EDITORIAL: Insurance should be designed for all sections of society

Traditionally, insurance in Rwanda was more of a reserve for motor vehicle owners or those in the import/export business.

Traditionally, insurance in Rwanda was more of a reserve for motor vehicle owners or those in the import/export business.

Motor insurance was a legal traffic requirement (it still is today) and drivers had nowhere to hide during a traffic stop, so it became a necessary companion.

But as more and more players entered the field, new products  such as health, travel, life, education and property insurance, to add but a few were introduced.

But the culture has not sunk in yet, and as officials claim, insurers are not innovative enough in popularising their products.

But that could just be a tip of the iceberg. Settling claims has been the biggest obstacle in attracting new clients. The bureaucracy involved as well as the widely held belief that insurers were reluctant to honour their part of the bargain also played into account.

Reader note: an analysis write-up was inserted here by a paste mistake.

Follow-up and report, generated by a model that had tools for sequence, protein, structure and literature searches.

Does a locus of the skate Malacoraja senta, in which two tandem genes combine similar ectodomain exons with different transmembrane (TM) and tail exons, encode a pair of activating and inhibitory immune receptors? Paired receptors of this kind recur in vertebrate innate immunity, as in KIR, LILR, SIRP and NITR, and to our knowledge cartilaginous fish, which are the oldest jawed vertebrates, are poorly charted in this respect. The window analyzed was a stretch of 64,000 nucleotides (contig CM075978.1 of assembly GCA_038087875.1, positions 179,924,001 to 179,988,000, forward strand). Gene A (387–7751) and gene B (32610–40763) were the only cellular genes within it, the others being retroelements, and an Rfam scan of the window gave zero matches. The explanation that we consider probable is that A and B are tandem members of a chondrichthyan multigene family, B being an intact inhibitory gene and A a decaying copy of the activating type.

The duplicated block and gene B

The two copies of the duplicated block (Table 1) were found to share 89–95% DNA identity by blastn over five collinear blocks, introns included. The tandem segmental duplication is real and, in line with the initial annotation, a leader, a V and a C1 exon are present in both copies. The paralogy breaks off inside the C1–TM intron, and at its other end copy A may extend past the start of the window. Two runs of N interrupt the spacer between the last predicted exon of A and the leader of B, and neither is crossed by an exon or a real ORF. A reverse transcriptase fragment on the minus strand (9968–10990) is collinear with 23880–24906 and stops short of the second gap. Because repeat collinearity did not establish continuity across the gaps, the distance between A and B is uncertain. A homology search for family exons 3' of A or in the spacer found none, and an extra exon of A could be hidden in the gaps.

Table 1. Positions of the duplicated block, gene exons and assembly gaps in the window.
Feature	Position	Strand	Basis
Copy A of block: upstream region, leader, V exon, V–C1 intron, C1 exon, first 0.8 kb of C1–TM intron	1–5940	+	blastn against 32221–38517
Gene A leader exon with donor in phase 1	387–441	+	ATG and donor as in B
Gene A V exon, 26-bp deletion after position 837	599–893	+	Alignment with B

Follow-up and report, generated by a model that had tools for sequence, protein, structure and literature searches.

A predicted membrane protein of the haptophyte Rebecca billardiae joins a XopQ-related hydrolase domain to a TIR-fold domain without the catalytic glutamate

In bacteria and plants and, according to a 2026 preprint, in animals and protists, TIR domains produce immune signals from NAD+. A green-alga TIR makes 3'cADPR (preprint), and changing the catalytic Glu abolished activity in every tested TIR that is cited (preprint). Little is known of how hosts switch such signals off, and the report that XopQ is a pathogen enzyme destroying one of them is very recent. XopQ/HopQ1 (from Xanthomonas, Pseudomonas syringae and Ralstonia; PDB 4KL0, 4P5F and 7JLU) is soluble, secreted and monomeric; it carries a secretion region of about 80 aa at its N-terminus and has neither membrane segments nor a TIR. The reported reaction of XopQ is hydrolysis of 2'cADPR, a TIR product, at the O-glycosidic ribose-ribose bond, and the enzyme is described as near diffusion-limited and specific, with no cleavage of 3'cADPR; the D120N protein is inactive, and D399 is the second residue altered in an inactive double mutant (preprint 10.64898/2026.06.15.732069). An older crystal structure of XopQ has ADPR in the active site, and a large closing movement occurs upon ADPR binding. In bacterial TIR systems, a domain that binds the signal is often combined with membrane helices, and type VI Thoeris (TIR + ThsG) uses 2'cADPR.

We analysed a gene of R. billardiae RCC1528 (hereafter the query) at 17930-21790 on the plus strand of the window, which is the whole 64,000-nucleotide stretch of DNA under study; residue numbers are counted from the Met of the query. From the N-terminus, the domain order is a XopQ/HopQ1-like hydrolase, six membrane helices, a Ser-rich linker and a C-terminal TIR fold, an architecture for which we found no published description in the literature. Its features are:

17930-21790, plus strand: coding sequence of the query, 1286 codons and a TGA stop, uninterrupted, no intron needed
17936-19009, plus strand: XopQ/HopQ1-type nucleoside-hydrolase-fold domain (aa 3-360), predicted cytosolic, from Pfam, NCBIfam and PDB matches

However, mindset and distrust are also to blame. A property owner does not expect his house to collapse or go up in flames, it seems very far-fetched and many prefer to defy the risk.

Some abhor the idea of giving out their money for years without any incident as a waste of money, but tragedy needs to strike just once to open their eyes.

By now, the recent high profile fire outbreaks should have seen property owners flocking the insurers in drones, but that seems not to be the case.

So, what is the missing link? Will lower premiums do the trick? Are insurers doing enough to communicate the benefits of mitigating risks?

Those are questions that need answers, but even then, as long as the firms target middle/upper sections of society leaving the common man out of the equation, they will always leave behind unplugged loopholes.

 

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